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New graduates of the Dalhousie family medicine residency program at the south west Nova site cutting the cake after a June 29 event in Yarmouth celebrating their accomplishment. From left: doctors Greg Lee, Tyler d’Entremont, Sean Davis, Iris Kim and Gurleen Dhanoa.
New graduates of the Dalhousie family medicine residency program at the south west Nova site cutting the cake after a June 29 event in Yarmouth celebrating their accomplishment. From left: doctors Greg Lee, Tyler d’Entremont, Sean Davis, Iris Kim and Gurleen Dhanoa. - Eric Bourque

The latest graduates of the Dalhousie family medicine residency program at the south west Nova teaching site were honoured during a June 29 ceremony at the Yarmouth Regional Hospital.

The five – doctors Greg Lee, Tyler d’Entremont, Sean Davis, Iris Kim and Gurleen Dhanoa – worked hard to get to this point, said Dr. Abir Hussein, director of the south west Nova site.

“Two years ago, we welcomed our third group of residents,” Dr. Hussein said. “Five enthusiastic, eager-to-learn residents joined us. Their journey has not been easy. There was so much to learn, a tremendous amount of knowledge and skills to gain. They experienced the grief of losing patients and the joy of saving lives ... Today they stand before us: dedicated, committed and competent family physicians.”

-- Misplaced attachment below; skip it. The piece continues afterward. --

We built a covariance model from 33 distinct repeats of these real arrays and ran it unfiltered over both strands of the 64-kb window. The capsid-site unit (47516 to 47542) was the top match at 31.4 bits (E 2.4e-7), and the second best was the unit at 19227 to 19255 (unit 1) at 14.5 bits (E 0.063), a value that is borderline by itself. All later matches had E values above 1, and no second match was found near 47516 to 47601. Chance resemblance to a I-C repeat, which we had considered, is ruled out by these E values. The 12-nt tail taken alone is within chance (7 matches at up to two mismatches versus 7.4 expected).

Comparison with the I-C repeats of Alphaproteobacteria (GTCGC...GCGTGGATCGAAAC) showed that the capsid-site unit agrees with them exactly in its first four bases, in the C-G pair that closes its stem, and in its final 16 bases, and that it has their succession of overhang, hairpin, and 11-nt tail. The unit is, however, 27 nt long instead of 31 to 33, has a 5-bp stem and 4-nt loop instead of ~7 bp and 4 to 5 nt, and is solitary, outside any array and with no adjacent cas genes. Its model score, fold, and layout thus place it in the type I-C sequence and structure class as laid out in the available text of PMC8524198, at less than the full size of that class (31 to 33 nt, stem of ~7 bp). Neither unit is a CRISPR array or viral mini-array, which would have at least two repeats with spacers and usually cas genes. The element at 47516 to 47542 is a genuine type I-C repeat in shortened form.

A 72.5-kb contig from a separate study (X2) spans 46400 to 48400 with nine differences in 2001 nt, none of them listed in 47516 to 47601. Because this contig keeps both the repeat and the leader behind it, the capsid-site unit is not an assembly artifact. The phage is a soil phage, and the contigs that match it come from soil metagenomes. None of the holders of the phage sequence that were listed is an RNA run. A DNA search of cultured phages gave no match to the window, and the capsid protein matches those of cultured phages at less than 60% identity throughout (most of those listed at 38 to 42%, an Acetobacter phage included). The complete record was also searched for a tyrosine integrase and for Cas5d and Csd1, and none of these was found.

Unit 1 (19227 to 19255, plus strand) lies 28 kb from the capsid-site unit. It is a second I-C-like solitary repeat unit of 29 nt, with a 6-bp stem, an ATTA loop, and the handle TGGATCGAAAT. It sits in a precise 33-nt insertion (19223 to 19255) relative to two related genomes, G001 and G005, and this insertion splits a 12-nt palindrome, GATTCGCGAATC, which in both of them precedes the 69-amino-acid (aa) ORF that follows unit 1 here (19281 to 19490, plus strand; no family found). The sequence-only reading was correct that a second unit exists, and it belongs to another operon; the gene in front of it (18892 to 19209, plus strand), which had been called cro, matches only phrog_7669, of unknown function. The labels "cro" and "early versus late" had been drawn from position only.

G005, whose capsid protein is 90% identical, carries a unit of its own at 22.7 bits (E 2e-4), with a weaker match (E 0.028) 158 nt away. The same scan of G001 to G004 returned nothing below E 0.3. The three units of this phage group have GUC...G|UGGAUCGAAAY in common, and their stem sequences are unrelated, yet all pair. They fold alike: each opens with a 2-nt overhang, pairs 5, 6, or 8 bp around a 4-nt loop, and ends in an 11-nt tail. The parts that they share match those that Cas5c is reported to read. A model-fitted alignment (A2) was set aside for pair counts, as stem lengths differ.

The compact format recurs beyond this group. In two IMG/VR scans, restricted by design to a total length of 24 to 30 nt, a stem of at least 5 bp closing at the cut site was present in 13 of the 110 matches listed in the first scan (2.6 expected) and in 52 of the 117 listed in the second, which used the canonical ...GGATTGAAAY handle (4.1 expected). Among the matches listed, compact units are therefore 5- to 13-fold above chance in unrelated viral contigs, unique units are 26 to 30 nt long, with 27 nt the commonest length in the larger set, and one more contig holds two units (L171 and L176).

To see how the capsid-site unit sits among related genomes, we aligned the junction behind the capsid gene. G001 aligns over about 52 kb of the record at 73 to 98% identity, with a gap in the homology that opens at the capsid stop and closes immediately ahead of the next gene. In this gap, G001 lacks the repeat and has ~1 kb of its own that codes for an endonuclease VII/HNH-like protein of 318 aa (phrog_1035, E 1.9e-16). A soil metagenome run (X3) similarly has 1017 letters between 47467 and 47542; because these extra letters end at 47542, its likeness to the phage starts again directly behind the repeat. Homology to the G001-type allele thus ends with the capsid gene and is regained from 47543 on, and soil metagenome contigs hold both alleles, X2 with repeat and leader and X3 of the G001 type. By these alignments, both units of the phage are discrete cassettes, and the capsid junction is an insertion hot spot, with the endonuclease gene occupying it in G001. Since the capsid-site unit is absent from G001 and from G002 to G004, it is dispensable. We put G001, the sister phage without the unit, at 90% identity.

Three of the five members of the new graduating class are staying in southwestern Nova Scotia, she said, “an incredible recruitment success.”

Ten of the 15 doctors who have graduated from the program since it began a few years ago have chosen to stay in Nova Scotia and seven of them are and will be practising in the southwestern part of the province, Dr. Hussein said.

Addressing those attending the early-afternoon ceremony in the Yarmouth hospital lobby, Dr. Hussein spoke a bit about the history of the family medicine residency program here, saying the “long process” of establishing the south west Nova teaching site began in 2013.

“Important partnerships were developed and expanded, including Dalhousie University, the Department of Health, the medical staff and the (former) South West Nova District Health Authority,” she said. “Dr. (Shelagh) Leahey worked diligently to recruit teachers, physicians who would train the residents, and as expected, our medical community responded with great passion.”

Speaking to the program’s newest graduates, she said medicine will give them much more than they might have imagined.

“You will build great relationships and meet wonderful people,” she said. “You will be a significant part of patients’ lives and an important member of so many families.”

Despite the knowledge they have and the confidence they will develop, she told the grads to stay humble and to appreciate the opinion and role of every member of their health-care team.

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